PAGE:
Although Jeremiah had a lot of bad news to tell, he did get the chance to tell some good news, too. Today’s reading is an example of that good news — it’s just that it’s the good news on God’s terms. News that’s easy on the ears isn’t just the territory of false prophets or teachers. We must simply be aware that we can’t sculpt God’s good news to meet our personal tastes. The false prophets of Jeremiah’s day were calling for a return of the exiles, too, they were just giving the people false hope by promising it much too soon. God’s good news is God’s good news, and we can’t change it.
A remnant was going to return to Judah in God’s time. And though the punishment had already been and would continue to be severe, there was still hope. Jeremiah 31:15, 16 “Thus says the LORD, “A voice is heard in Ramah, Lamentation and bitter weeping. Rachel is weeping for her children; She refuses to be comforted for her children, Because they are no more.” Thus says the LORD, “Restrain your voice from weeping And your eyes from tears; For your work will be rewarded,” declares the LORD, “And they will return from the land of the enemy.” Verse 15 is quoted later in Matthew 2:18 in connection with the slaughter of the innocents of Bethlehem by King Herod, but as you can see, the original context is about the heartache of Israel’s mothers whose children had been taken in captivity. But for the heartbroken mothers, there was the comfort of knowing that their children would be returning — “…your work will be rewarded.” Here’s comfort for today’s tough times: if we’ll be faithful to the Lord’s way, we find that things work out. The New Testament puts it this way, (Romans 8:28) “… God causes all things to work together for good to those who love God, to those who are called according to His purpose.”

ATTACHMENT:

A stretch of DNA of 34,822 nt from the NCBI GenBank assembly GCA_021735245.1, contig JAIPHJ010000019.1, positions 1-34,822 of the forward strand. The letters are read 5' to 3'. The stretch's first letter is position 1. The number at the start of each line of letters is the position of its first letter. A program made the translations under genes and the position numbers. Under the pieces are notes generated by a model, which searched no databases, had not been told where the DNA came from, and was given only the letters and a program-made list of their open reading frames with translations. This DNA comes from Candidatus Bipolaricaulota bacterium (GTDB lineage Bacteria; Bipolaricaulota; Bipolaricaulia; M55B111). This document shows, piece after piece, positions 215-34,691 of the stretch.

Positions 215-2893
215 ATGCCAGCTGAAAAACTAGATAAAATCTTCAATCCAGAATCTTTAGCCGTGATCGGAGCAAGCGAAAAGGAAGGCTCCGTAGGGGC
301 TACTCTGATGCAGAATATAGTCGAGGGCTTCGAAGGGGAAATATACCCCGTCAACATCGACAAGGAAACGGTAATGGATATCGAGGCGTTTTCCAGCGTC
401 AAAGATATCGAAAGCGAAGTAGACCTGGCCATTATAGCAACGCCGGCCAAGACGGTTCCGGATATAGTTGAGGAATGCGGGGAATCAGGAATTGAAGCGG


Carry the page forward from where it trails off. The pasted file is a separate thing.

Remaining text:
But there’s continued good news; a new covenant will be established. Jeremiah 31:33, 34 ““But this is the covenant which I will make with the house of Israel after those days,” declares the LORD, “I will put My law within them and on their heart I will write it; and I will be their God, and they shall be My people. “They will not teach again, each man his neighbor and each man his brother, saying, ‘Know the LORD,’ for they will all know Me, from the least of them to the greatest of them,” declares the LORD, “for I will forgive their iniquity, and their sin I will remember no more.”” A section of this passage that I didn’t quote, because of its length, contrasted this new covenant with the Mosaic covenant. This covenant would be different mostly because instead of being written on tables of stone, they would be written on God’s people’s hearts. Instead of being an externally imposed law, it would be an internally compelling law (2 Cor. 5:14). Even better, this covenant would issue in real forgiveness and forgetfulness of sin. It was, of course, on the cross of Christ that the new covenant was initiated, the blood of the covenant was shed and forgiveness was purchased.
Moreover, the promise of the return was solid. The point of chapter 32’s story about Jeremiah redeeming property in Anathoth was that God’s people really would be coming back and reclaiming their farms and homes. What sounded improbable and maybe impossible was, in fact, going to happen: Jeremiah 32:17 “‘Ah Lord GOD! Behold, You have made the heavens and the earth by Your great power and by Your outstretched arm! Nothing is too difficult for You,”
Lastly, there is the prophecy of the Messiah, the righteous Branch of David. He’ll be different from other kings that had seen and known; He would rule in justice and righteousness (Jeremiah 33: 15). This was Jesus, who brought us all justice and righteousness.
See you tomorrow, Lord willing.